Following numerous reports of abductions, unlawful detentions, torture, beatings and killings of men perceived to be gay or bisexual in the Muslim-majority Russian republic of Chechnya, Minister of Foreign Affairs Chrystia Freeland issued the following statement on April 15, 2017:
“Recent and ongoing reports of the persecution of gay and bisexual men in Chechnya are reprehensible. We call on the Russian authorities to thoroughly investigate these reports and to immediately ensure the safety of all persons in Chechnya who may be at risk due to their sexual orientation.
Human rights have no borders. Canada believes human rights are universal and indivisible, and these include the human rights of LGBTQ2 people.
We deplore acts of violence and discrimination, in all regions of the world, committed against individuals because of their sexual orientation or gender identity.
As a strong, vocal and forceful advocate for equal human rights for all, the Government of Canada is committed to combatting discrimination, violence, and unjust laws targeting the LGBTQ2 community around the world.”
Prime Minister Trudeau, who has long been a champion of gay rights and made history when he became the first sitting Prime Minister to march in the Toronto and Vancouver Pride Parades, has put equality at the heart of his leadership by speaking out against homophobia when he raised a Pride flag on Parliament Hill.
Trudeau, who is eager to re-establish diplomatic relations with Iran, has yet to condemn the systematic persecution of LGBT community in the Islamic Republic.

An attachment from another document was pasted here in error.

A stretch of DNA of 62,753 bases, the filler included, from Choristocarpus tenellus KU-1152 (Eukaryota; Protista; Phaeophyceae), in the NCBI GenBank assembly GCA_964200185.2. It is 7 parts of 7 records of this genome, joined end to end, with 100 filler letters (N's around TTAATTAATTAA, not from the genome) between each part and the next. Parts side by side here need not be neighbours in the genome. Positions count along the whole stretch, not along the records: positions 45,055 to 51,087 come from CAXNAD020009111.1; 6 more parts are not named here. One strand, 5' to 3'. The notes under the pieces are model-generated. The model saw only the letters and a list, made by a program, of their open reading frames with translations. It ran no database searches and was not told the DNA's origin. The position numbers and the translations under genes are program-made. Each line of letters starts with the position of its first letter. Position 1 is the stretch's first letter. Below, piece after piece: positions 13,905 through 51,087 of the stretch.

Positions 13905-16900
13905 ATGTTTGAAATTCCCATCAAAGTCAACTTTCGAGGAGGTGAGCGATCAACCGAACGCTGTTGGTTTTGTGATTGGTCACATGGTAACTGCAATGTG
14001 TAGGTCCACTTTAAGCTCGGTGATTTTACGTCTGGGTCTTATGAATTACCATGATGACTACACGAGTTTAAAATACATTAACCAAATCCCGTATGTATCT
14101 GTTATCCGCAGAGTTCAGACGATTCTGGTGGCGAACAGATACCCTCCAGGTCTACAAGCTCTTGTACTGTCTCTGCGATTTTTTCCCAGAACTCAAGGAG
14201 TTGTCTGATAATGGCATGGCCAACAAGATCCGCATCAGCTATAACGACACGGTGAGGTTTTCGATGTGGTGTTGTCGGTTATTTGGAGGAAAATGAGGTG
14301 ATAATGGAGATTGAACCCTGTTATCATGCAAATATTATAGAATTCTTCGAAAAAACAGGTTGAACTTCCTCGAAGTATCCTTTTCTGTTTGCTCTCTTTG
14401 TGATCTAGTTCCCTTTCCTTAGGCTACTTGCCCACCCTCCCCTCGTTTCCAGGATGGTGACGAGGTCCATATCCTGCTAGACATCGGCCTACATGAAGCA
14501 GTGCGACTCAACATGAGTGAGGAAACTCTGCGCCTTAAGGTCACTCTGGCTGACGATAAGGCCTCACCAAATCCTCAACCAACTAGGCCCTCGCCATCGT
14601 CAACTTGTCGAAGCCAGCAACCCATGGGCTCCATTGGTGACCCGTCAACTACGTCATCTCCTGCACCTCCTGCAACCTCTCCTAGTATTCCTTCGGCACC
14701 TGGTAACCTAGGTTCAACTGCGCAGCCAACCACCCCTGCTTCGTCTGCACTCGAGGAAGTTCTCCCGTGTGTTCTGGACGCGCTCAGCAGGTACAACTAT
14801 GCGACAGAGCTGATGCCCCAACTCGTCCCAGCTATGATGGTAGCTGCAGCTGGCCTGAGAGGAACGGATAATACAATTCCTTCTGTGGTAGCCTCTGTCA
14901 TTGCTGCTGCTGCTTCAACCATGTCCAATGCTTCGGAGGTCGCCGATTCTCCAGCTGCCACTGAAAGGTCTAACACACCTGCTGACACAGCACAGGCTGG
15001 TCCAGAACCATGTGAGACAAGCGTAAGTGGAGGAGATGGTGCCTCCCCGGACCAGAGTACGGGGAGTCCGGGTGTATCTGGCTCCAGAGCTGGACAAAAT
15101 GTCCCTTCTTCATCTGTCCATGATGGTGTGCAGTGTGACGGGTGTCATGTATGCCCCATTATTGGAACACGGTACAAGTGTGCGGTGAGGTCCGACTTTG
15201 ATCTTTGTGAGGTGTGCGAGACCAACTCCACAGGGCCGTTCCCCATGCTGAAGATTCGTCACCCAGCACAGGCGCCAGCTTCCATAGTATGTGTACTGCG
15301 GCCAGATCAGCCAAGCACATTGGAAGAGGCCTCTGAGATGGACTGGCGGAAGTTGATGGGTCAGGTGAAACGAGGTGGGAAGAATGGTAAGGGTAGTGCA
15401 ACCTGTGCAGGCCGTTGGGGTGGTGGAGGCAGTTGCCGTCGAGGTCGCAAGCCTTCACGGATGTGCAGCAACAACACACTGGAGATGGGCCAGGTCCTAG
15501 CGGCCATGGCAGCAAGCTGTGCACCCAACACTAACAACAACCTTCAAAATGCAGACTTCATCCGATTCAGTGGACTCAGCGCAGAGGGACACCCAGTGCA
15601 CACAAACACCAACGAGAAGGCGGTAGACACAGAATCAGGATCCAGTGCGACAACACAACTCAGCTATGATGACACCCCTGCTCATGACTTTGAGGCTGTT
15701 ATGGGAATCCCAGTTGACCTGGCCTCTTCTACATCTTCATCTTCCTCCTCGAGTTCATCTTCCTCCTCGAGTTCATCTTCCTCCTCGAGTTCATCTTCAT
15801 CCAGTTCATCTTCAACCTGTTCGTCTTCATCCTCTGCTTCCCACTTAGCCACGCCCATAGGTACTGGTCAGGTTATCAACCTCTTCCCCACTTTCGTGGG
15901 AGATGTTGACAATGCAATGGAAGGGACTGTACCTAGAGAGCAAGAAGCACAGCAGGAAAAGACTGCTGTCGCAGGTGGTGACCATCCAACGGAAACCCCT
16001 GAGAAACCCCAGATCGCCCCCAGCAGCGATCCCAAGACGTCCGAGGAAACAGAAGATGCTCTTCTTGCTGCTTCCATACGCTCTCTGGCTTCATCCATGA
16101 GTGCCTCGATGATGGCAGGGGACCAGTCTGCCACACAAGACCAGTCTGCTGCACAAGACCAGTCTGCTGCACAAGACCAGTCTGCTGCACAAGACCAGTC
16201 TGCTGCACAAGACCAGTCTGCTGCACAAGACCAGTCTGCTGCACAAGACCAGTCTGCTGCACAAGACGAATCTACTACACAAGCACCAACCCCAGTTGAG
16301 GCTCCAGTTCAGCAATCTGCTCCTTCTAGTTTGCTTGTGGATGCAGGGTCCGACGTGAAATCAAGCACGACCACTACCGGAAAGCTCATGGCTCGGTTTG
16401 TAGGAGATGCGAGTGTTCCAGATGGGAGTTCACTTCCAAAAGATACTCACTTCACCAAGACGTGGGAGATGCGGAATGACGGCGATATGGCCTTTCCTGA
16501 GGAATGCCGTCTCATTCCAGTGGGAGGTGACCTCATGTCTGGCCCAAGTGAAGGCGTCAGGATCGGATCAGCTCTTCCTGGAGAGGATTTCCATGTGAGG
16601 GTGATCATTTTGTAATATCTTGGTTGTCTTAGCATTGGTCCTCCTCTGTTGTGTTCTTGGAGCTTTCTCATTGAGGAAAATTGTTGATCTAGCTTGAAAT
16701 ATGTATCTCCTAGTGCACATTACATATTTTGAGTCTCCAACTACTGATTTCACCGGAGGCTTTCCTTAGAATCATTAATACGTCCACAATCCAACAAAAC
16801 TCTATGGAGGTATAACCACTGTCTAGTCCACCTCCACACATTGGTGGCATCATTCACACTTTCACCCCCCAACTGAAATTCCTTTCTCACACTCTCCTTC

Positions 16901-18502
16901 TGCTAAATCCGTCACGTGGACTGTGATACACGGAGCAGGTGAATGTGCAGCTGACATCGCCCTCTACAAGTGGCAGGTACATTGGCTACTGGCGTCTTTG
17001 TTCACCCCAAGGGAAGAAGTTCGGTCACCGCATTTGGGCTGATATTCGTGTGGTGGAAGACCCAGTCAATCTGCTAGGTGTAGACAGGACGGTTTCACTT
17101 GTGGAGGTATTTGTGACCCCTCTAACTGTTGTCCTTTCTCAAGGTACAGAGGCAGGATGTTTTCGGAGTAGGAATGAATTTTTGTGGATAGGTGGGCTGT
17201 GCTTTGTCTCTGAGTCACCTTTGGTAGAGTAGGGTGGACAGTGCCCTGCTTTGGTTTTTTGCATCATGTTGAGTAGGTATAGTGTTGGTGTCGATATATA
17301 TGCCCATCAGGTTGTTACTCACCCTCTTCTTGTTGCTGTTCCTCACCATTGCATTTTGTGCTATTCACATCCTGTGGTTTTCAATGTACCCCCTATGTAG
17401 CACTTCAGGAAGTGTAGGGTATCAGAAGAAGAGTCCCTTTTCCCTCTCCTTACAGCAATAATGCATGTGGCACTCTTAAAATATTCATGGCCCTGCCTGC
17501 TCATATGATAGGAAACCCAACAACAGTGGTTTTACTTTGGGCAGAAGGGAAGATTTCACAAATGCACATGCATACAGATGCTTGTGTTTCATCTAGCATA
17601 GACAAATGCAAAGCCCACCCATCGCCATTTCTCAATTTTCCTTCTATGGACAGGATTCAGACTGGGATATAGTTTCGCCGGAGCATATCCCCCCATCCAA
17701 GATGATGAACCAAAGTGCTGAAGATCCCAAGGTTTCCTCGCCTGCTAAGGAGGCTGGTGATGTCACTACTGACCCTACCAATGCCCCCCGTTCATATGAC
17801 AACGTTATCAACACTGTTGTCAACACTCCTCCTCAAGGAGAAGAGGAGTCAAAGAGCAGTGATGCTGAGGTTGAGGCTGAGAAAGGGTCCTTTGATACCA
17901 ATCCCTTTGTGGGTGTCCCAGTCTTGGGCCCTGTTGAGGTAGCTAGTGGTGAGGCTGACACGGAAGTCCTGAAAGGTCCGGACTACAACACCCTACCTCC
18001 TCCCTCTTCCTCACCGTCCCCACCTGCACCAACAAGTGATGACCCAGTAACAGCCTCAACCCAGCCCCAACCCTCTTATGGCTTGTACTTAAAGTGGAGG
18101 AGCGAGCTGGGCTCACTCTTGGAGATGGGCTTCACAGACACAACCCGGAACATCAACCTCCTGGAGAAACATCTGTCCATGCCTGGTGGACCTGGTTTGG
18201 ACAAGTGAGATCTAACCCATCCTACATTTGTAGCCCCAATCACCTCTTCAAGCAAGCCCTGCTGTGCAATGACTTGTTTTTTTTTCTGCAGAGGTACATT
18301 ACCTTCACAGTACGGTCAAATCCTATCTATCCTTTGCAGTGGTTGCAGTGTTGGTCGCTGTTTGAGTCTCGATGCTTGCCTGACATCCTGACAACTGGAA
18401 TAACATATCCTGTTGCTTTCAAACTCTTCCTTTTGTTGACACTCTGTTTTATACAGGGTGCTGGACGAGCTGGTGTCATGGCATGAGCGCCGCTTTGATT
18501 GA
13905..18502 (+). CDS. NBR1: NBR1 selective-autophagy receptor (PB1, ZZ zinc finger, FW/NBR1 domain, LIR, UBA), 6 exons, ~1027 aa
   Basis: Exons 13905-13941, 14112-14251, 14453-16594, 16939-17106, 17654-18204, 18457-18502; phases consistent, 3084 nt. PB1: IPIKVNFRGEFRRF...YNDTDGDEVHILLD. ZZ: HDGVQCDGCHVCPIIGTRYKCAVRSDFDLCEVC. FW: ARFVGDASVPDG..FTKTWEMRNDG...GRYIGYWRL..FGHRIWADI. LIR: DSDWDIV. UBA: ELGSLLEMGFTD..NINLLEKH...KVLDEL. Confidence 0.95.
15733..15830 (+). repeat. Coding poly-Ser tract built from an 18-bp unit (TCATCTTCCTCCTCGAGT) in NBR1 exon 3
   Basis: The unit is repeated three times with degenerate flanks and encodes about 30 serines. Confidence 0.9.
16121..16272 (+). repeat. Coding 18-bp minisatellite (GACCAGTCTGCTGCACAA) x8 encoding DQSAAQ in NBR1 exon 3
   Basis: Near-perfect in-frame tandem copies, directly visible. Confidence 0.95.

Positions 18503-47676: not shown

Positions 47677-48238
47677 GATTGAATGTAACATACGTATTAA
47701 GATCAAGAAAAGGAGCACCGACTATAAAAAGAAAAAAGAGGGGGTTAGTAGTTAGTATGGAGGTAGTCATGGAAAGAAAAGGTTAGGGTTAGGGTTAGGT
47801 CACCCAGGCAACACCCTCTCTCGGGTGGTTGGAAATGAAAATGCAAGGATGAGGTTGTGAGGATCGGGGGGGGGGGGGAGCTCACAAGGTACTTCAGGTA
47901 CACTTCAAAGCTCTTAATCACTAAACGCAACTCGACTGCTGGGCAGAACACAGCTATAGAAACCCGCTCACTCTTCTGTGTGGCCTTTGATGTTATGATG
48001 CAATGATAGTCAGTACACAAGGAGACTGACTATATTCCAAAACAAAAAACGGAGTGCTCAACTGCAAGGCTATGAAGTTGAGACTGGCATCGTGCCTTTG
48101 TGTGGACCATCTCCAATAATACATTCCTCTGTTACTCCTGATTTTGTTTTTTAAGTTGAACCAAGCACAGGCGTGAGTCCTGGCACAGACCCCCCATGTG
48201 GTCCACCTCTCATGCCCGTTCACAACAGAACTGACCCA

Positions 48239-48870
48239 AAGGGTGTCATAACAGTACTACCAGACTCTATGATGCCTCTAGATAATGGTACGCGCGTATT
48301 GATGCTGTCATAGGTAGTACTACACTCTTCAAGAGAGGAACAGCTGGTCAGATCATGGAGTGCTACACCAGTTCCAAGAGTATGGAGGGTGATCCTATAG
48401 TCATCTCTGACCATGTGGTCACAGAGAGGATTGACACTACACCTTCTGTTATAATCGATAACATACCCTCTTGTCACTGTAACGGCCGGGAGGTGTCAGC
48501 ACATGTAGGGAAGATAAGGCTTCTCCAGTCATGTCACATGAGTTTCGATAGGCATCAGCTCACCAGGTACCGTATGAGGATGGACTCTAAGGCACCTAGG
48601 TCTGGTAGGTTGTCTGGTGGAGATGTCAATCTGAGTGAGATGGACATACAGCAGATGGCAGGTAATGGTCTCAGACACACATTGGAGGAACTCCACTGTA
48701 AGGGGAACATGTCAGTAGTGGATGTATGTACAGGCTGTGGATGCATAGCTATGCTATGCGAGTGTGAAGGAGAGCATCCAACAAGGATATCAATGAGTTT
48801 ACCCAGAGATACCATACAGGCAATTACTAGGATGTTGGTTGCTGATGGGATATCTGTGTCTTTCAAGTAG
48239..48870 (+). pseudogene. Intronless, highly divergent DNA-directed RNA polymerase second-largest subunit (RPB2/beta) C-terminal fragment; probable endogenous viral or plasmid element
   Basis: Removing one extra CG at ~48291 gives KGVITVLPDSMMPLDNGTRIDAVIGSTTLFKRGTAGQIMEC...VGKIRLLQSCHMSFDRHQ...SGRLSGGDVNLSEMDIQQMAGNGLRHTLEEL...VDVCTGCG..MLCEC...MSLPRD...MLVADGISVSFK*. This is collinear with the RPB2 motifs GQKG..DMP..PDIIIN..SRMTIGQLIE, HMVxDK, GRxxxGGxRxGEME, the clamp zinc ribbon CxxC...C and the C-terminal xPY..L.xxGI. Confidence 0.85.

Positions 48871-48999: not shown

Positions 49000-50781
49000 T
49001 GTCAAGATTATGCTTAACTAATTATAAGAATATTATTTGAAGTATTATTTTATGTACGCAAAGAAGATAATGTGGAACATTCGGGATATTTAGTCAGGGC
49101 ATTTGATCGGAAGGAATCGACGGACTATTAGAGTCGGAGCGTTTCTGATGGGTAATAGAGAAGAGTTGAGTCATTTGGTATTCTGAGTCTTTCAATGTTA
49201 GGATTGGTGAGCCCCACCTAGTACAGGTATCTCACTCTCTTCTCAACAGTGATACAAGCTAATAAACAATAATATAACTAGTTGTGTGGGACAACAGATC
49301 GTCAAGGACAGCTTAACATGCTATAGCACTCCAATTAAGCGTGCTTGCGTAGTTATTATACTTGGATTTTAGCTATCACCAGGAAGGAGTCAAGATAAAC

In February, the Liberals were harshly criticized by the Conservatives for turning away Iranian LGBT refugees, effectively ending a program started by former Conservative Prime Minister Stephen Harper in 2010 which made LGBT Iranians a priority for resettlement in Canada. Under the program, which asked the United Nations High Commissioner for Refugees (UNHCR) to refer to Canada any refugees who fled Iran for Turkey on the grounds of persecution because of sexual orientation and gender identity, hundreds persecuted Iranian LGBT were resettled in Canada.
According to a report from the Daily Xtra, a Canadian Gay and Lesbian publication, within weeks of the Liberals taking office in November 2015, wait times for Iranian LGBT applicants “ballooned”, and by February 2016, when the Syrian resettlement program was in its heyday, applications hit a total standstill. According to Xtra, Canadian government has stopped accepting LGBT Iranian refugees in order to prioritize Syrian refugees.
“Why has the government ended the practice of prioritizing persecuted Iranian LGBT as refugees to Canada?” asked Official Opposition Critic for Immigration Michelle Rempel during question period on Feb 10, 2017. “Why are the Liberals turning their back on the most vulnerable?”
In Iran, where homosexuality is punishable by death according to fatwas (Islamic rulings) issued by Iranian clerics, gays risk horrific punishments, including death by hanging or heavy jail sentences. The lucky ones are forced into exile.